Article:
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Ho-Hum 'Phenomenon'

By Desson Howe
Washington Post Staff Writer
July 05, 1996

John Travolta exudes saintliness with such ease, it's no effort to believe in him. Who knew Vinnie Barbarino of the sweathogs could be . . . beatific? In "Phenomenon," he's a good-natured car mechanic called George Malley (all similarities to George Bailey in "It's a Wonderful Life" seem less than coincidental) who has difficulties with just about everything: learning Spanish, keeping rabbits out of his garden and making romantic headway with attractive single mother Lace (Kyra Sedgwick).

But when a shaft of light strikes him to the ground -- yep, it's that kind of movie -- he wakes up a budding genius. Suddenly, George is nonchalantly trouncing his physician-friend Doc (Robert Duvall) at chess, solving his rabbit problems and speaking fluent Spanish.

His learning curve is astoundingly exponential. Soon, he's reading four books a day, culturing tomatoes the size of beach balls, and summoning monkey wrenches with more than personal magnetism. In other words, we're in the same territory as "Charly," "Powder" and "The Lawnmower Man."

George's encounter with his untapped potential is initially enjoyable, thanks to Travolta's charms. And the movie, directed by Jon Turteltaub, maintains a pleasurable balance between lightheartedness and seriousness. "That's telekinesis!" exclaims Doc with kid-like glee when he sees George's ability to move objects.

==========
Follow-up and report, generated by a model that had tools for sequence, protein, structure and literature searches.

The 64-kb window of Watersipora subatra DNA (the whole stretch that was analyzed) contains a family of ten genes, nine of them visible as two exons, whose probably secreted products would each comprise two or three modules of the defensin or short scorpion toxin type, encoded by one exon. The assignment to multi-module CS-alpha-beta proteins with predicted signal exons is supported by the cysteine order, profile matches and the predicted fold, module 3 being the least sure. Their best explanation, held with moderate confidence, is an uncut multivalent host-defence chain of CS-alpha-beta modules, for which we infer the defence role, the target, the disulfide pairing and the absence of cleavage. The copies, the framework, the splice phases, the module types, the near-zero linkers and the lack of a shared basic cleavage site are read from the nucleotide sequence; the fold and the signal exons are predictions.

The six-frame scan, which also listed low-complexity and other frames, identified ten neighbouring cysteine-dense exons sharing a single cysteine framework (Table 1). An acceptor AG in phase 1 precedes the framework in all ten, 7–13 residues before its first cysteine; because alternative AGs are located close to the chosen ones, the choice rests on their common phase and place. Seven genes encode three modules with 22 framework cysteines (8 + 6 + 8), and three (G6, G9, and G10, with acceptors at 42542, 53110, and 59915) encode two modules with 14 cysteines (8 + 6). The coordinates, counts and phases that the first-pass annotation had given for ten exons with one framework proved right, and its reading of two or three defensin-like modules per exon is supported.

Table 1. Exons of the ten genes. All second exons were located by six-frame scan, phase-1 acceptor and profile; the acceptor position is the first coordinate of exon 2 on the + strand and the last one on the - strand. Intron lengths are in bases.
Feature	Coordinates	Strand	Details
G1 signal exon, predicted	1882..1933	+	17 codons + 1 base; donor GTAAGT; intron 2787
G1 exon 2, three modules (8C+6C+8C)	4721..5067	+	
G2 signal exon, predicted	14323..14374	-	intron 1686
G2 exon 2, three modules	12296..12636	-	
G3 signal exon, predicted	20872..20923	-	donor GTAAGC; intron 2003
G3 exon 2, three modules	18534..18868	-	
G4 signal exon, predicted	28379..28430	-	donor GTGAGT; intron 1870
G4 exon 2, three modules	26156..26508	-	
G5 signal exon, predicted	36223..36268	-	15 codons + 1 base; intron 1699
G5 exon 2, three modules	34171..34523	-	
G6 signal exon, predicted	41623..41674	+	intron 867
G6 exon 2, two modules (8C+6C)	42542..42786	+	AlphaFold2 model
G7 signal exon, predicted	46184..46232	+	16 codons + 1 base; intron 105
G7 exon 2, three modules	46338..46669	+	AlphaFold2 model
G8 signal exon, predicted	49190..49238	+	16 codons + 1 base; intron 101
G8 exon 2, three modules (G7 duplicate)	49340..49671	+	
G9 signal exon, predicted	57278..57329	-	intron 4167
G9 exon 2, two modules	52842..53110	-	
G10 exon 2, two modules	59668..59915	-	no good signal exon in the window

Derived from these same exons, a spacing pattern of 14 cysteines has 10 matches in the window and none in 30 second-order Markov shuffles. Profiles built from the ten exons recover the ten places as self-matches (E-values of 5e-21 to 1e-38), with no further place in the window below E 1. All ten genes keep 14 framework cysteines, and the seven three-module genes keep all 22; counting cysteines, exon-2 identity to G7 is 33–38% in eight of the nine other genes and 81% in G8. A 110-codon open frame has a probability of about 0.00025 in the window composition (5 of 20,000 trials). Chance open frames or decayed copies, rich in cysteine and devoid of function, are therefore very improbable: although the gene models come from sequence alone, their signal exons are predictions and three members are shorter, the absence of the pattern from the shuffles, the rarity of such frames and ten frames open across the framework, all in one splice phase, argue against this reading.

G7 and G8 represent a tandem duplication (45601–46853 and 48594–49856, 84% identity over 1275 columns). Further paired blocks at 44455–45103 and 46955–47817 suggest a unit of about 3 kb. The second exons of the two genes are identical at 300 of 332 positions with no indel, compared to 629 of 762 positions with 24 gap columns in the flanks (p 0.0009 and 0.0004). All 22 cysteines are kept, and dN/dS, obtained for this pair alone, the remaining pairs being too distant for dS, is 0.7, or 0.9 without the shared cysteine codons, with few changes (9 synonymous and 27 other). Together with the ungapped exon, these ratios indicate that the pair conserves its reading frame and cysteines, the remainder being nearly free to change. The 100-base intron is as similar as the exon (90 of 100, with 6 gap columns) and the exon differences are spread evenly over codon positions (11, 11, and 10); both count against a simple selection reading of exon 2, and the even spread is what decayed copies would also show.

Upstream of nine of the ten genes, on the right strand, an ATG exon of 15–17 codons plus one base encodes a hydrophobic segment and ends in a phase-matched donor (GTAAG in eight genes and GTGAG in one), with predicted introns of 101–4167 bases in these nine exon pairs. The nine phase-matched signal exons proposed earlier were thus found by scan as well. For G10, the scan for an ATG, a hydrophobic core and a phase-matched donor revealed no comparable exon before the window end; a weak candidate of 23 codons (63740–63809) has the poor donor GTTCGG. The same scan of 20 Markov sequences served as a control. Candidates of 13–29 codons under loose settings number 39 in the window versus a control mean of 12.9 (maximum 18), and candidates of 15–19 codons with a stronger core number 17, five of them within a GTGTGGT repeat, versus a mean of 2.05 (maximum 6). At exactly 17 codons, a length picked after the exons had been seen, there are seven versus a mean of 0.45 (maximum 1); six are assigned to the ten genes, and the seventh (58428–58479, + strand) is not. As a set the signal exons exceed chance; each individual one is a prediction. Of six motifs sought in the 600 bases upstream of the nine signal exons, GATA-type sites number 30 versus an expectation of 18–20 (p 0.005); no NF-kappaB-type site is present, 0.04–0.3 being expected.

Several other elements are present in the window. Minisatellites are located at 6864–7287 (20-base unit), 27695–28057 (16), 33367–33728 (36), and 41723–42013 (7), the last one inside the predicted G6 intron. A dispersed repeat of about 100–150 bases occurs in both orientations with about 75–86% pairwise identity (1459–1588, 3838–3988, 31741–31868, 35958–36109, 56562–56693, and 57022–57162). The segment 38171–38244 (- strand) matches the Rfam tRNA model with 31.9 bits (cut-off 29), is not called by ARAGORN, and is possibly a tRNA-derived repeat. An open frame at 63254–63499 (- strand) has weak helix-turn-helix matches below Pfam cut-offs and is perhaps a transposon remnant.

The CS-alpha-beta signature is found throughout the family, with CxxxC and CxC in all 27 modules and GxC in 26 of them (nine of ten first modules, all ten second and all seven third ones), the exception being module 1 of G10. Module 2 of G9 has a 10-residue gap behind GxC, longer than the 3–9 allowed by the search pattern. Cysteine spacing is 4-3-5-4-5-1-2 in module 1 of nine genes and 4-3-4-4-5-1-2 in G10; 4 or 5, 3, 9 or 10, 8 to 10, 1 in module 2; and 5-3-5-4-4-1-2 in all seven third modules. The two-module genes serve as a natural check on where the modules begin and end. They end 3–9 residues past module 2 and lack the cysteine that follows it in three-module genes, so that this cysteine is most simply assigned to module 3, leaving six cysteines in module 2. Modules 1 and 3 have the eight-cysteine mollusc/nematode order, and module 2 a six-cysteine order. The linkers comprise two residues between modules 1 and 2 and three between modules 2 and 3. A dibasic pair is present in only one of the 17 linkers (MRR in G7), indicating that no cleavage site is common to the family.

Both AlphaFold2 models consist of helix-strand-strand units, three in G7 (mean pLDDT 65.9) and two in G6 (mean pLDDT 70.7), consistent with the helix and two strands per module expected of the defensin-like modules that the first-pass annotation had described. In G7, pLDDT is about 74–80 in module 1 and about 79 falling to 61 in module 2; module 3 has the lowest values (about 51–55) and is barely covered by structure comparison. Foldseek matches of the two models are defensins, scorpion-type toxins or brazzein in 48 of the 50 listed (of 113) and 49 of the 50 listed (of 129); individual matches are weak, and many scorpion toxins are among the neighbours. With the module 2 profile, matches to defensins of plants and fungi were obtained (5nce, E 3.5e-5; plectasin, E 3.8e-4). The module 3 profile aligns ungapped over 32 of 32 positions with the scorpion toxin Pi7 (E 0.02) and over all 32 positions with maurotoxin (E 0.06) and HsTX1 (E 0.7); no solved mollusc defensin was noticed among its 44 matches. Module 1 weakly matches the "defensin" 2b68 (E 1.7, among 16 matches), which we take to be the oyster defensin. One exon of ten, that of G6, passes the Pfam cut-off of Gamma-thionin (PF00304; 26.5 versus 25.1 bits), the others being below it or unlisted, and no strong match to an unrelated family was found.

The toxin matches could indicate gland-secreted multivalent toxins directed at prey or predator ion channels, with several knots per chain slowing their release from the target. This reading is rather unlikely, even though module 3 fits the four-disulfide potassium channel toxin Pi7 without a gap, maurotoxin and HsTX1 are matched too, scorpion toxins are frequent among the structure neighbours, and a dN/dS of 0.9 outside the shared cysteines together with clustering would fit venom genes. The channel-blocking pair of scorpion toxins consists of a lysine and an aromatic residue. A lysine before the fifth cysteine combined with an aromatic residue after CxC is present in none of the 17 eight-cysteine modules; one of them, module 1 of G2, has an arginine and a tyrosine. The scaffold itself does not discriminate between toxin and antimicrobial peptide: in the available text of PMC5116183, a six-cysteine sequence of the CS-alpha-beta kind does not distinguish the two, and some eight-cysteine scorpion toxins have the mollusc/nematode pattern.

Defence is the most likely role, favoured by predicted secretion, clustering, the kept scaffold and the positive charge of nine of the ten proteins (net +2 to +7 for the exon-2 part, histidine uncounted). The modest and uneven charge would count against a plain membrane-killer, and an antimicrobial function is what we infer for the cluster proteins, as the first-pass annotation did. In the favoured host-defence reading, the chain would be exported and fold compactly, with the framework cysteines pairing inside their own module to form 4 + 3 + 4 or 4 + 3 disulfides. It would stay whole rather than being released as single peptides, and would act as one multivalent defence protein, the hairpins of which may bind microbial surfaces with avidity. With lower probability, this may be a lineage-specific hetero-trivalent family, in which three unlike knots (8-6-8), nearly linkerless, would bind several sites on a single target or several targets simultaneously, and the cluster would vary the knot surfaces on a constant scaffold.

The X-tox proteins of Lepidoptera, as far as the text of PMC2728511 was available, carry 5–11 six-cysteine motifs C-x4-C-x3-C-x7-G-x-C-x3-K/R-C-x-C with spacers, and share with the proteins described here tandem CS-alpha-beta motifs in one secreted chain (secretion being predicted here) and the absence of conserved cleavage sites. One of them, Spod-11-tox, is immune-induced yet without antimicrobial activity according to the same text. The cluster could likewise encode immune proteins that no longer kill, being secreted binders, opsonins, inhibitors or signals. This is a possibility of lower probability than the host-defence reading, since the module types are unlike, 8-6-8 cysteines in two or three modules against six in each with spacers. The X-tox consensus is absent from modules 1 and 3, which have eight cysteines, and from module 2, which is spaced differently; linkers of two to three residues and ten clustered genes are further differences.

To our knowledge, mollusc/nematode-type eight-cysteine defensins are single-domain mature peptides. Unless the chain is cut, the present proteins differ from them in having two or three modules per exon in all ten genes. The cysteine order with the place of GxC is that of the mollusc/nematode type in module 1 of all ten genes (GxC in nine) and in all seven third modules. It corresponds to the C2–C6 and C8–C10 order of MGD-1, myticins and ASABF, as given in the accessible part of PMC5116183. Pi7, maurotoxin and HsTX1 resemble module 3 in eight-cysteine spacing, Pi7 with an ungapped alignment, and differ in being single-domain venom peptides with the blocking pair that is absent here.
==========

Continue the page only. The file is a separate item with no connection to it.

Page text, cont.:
"Yeah," says George. Then, with an equally childlike reaction, he asks the doctor: "Is that okay?"

Following the prevailing rule in Hollywood, "Phenomenon" stretches itself until it snaps. When George feels subsonic frequency waves and detects earthquakes ahead of time, he attracts the attention of seismologists. And when his ham-radio pal Nate (Forest Whitaker) picks up Morse code signals, which George playfully responds to, the egghead finds himself in hot water with the FBI. Next thing you know, George (now heavily stubbled) is answering questions from a federal interrogator. (In the facile kabuki of Hollywood, you know the interrogator's evil because he chain-smokes.)

While "Phenomenon" attempts, tritely, to ascend into mind-blowing significance, it also plummets into a pit of sentimental mush. What's the use of genius, goes this picture's cheesy argument, without heart? Gag me with a bent spoon. Lace, an extremely available mother of two, takes an excruciatingly long time to accept George into her life. She (or rather, scriptwriter Gerald DiPego) finds specious reasons to delay the inevitable romance. Lace, who makes rather bad furniture, hits the roof when she finds out he's been secretly buying up her chairs to make her feel better.

"I just asked you for one thing, George," she says. "The truth. And you couldn't handle it."

Lace holds out until the very end when almost everyone, it seems, has turned against George. At this point, the movie becomes a second-rate tear-jerker, which absurdly deifies George and makes a mockery of Travolta's acting work. Which leaves us marveling at the wrong phenomenon: Hollywood's penchant for shooting down stories of wonder with mediocre missiles.

PHENOMENON (PG) -- Contains sexual situations, minor profanity and one mooning.

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